On Sept. 26, the Masons of Hays sponsored a cancer screening clinic. The weather was very cooperative and a fine group of people came to take advantage of the free cancer screening.

Two of the University of Kansas oncology medical staff, a nurse who collected blood for the prostate screening and the coordinator, came for the clinic. A fine group of people that we estimated to be in the neighborhood of 150 came. Not all of them were able to take advantage of this service because they would not wait long enough since they had appointments such as working. For this, we are sorry.

These good folks came by way of a KU jet plane. They did not get to stay long or eat dinner with us after the clinic because they needed to get back to where they could safely keep the blood taken for analysis. All of these medical people were friendly and cooperative in trying to see as many people as possible. The organizer of this group from KU described our turnout as "fantastic." They had another clinic in Salina where only about 25 people showed up.

For those of you who had blood taken, I visited with a lady in charge of the group from KU this week and she said the results of the tests had just been returned to her and they now need only to put the results in letters and mailed to those who were tested.

The day was well-organized and well-supported by the community of Hays. The staff of the Ellis County Cancer Council helped with publicity by contacting the churches of Ellis County. Paula Flesher of the Cancer Council office spent the morning at the clinic making sure that each person attending was given the medical form to fill out before being tested. Hays Med's Dreiling/Schmidt Cancer Institute helped in telling people about the clinic and also furnished some materials to be available to those who came.

Harry Watts was good to let people know of the clinic by way of his regular radio program on KAYS. The members of the Masonic Lodge and the Eastern Star spread the word, not only in Hays, but also in surrounding towns. The Eastern Star ladies made wonderful cookies to be served with hot coffee. Churches were good to make their congregations aware of the clinic. In other words, the community should be proud of their cooperation and backing for this clinic. We thank you all.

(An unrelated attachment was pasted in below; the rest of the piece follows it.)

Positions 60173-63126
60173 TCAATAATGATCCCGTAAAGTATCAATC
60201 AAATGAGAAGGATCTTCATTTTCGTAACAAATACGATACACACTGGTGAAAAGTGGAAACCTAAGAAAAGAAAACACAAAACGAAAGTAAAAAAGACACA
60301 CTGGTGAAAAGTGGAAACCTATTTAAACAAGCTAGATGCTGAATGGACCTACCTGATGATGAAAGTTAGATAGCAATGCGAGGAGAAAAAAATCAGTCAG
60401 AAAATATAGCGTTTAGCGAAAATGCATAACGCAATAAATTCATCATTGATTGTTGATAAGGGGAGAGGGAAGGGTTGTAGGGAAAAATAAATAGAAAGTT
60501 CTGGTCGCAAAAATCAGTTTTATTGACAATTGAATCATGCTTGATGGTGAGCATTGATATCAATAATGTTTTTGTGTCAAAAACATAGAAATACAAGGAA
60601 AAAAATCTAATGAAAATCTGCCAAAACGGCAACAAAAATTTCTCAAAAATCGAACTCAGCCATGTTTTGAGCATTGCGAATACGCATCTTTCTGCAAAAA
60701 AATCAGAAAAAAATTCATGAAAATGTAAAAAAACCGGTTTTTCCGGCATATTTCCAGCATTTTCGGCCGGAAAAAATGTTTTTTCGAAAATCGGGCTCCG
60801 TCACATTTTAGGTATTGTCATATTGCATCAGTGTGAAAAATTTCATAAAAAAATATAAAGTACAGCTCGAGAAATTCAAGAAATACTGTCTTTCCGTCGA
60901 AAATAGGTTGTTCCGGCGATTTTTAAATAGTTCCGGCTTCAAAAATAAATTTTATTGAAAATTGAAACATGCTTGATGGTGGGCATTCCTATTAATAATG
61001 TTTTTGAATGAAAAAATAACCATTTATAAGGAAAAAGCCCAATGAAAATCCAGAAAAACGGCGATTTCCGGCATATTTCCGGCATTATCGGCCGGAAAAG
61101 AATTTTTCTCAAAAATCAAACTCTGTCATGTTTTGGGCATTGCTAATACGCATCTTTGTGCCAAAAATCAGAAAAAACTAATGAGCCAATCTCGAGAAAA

The clinic was at the First United Methodist Church. It was chosen because of the fine facilities for such a large group, for the closeness of the parking lot and for the enthusiastic support of the Rev. Jerre Nolte to have such a service to be available to our community. We all felt that if this clinic could help even one person learn of possible problems early, it would be well worth having. Brooke Grunerman, the coordinator from KU, told us upon leaving, that they would be happy to come back again.

A bit of history might be of interest to those of you have read this article. The Masons of Kansas volunteered to raise millions of dollars to make the KU oncology center one of the best cancer research centers in the nation. And we did it.

It is our hope to support another clinic such as this one sometime in the near future. The staff from KU has already volunteered to come. Again, thanks to all who supported this project.

Arris Johnson, Hays, is a member of the Generations Advisory Group.